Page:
Protesters refuse to retreat after Ukraine abandons a key agreement with the European Union.
Thousands of riot police carried out a co-ordinated attack on barricades in Kiev this week – a determined and unexpected crackdown on protesters who have occupied the centre of Ukraine's capital for the past fortnight.
As temperatures fell to -13°C on Wednesday during the coldest night of the winter to date, columns of riot police closed in on Independence Square, hub of the protests that erupted after President Viktor Yanukovych pulled out of an association pact with the European Union that had been due for signing at a summit in Vilnius last month.
Shortly after 1am, battalions of police approached the vast square from all sides and began to dismantle the makeshift barricades that have been erected in recent days.
Ukraine's prime minister, Mykola Azarov, said the operation by police was a question of clearing the roads.
"No force will be applied against peaceful protesters. Do you understand this? Calm down!" he said as he opened a government meeting.
The biggest demonstration since 2004
The protests, which began when Yanukovych abandoned the pact with the EU, culminated on Sunday with the biggest demonstration since the 2004 Orange Revolution, with hundreds of thousands of people paralysing the centre of Kiev and the city's statue of Vladimir Lenin toppled and hacked to pieces.
The dwindling appetite for protest was given fresh impetus by a brutal crackdown on a relatively small protest a fortnight ago. Few had expected a repeat from the authorities, especially after a day of diplomacy.
Earlier on Tuesday, Yanukovych had stated at a round table with Ukraine's three previous presidents that he would try to sign the deal with the EU by spring – ignoring financial pressure from Russia – as long as Europe gave Ukraine better financial conditions.
"We tasked the government to accelerate this work and involve as many specialists as needed," said Yanukovych during the televised meeting.
"When is the next summit? If it takes place in March, then we have to finish this work by March. But it will depend not only on us; it will also depend on the European Commission. This is our goal."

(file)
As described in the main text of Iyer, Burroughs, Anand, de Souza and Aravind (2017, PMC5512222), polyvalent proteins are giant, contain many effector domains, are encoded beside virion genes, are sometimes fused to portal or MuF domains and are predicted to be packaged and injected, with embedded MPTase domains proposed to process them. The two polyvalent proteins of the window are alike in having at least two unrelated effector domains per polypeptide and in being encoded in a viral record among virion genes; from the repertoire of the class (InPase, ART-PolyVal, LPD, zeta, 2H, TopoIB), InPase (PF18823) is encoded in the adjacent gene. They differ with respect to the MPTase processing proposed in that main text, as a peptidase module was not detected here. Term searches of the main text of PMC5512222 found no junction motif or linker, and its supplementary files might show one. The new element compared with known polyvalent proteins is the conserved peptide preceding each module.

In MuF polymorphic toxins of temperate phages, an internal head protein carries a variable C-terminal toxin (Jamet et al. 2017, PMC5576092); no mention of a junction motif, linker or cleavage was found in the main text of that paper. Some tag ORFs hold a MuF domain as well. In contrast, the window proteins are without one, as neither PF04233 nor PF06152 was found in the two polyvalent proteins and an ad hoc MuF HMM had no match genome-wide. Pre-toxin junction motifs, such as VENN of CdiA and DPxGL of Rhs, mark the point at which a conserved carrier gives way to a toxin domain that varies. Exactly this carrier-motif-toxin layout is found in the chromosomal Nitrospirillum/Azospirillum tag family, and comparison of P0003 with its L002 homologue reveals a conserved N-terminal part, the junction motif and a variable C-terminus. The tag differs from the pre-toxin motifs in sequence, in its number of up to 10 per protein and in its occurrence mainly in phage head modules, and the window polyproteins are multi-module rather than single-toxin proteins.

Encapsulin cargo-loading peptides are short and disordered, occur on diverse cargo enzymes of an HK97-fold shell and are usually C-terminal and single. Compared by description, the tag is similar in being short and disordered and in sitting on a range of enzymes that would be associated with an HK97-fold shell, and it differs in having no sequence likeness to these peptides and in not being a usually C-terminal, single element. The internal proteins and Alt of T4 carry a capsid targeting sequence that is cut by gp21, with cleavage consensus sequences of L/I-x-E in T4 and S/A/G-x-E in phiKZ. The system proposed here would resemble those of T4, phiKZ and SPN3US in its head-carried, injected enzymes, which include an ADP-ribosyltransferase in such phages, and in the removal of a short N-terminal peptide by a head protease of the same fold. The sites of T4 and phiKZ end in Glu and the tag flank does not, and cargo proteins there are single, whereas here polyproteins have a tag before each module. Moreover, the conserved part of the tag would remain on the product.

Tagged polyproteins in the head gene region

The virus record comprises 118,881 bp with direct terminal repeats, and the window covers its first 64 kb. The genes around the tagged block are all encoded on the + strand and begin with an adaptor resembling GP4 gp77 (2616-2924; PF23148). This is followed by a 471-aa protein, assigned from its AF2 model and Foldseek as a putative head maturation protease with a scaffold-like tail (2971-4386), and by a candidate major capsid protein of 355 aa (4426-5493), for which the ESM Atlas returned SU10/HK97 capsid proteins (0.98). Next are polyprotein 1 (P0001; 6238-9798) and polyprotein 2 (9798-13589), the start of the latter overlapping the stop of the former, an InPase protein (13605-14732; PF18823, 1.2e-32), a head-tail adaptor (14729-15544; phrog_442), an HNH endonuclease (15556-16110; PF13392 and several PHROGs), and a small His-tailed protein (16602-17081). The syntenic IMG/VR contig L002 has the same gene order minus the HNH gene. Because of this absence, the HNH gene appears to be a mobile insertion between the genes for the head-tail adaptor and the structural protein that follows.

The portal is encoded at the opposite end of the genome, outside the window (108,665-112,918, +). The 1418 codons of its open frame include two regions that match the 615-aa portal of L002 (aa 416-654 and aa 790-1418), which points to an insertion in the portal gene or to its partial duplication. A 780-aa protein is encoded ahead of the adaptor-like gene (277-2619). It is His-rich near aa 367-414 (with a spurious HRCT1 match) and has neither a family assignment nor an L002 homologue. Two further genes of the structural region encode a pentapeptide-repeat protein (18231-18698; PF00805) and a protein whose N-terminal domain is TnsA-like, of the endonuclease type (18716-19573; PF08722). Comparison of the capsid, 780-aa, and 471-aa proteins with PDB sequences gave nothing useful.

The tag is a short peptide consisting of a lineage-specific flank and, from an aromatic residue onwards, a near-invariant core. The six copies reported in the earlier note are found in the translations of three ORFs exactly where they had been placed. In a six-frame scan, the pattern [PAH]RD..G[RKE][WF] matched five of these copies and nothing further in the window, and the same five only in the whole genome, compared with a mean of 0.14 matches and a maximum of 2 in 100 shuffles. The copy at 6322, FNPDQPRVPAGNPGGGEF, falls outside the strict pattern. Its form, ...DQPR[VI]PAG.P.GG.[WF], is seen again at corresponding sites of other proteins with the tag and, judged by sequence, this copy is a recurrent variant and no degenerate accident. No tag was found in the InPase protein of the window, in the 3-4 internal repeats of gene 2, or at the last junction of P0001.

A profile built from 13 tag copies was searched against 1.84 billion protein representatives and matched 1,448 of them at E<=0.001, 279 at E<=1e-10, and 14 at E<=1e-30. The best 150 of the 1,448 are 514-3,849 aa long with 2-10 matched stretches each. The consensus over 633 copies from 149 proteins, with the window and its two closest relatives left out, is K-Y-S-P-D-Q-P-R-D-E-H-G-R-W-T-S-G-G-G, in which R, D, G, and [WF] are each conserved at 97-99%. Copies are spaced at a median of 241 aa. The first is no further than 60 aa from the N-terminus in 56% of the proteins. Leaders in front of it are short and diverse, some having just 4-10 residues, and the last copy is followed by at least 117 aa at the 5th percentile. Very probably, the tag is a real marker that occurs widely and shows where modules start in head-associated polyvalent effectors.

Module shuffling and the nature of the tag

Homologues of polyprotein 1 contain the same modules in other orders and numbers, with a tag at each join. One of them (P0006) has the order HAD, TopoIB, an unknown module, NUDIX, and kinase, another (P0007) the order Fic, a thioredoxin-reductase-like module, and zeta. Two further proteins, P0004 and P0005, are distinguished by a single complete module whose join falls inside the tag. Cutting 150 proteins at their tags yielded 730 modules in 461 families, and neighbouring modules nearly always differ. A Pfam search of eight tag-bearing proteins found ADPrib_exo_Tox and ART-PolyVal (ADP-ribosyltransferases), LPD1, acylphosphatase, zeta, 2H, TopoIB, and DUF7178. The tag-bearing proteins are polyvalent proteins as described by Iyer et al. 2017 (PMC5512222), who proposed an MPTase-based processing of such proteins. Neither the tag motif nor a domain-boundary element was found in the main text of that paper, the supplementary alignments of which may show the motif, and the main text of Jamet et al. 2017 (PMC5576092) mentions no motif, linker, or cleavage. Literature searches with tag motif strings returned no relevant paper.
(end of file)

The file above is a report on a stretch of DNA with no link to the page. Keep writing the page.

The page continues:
Ukrain offered financial help
Russia is believed to have offered cash-strapped Ukraine financial support and reduced gas prices, while threatening the country with financial woe if it goes ahead and signs the agreement.
"We want to achieve conditions that satisfy Ukraine, Ukrainian producers, the Ukrainian people," said Yanukovych.
Later he met for three hours with Catherine Ashton, the EU's top foreign representative, who told Yanukovych he should not use force.
Later she visited Independence Square and was escorted through the crowds by Arseniy Yatsenyuk, of jailed former prime minister Yulia Tymoshenko's party, in surreal scenes as the crowd chanted her name.
Ashton remains in Kiev but this did not stop Yanukovych launching an assault on the square.
During the night Ashton said: "I observe with sadness that police use force to remove peaceful people."
The United States secretary of state, John Kerry, released a strongly worded statement: "The United States expresses its disgust with the decision of Ukrainian authorities to meet the peaceful protest in Kiev's Maidan Square with riot police, bulldozers and batons, rather than with respect for democratic rights and human dignity. This response is neither acceptable nor does it befit a democracy."
Riot police take charge
In Kiev city hall, which has been occupied by protesters for 10 days and declared the centre of revolutionary self-government, protesters had seen riot police dismantle tents outside but not attempt to storm the building.
A group of men outside sprayed the street with water from a fire hose in order to create a frozen ice rink that would be too slippery for riot police to attack from.
Mid-morning on Wednesday, busloads of riot police approached the town hall and parked outside, but eventually drove off, to much triumphant singing from the protesters.
Arkady, a 19-year-old student, said he had heard about the police attack on the radio at 3am and decided to come out.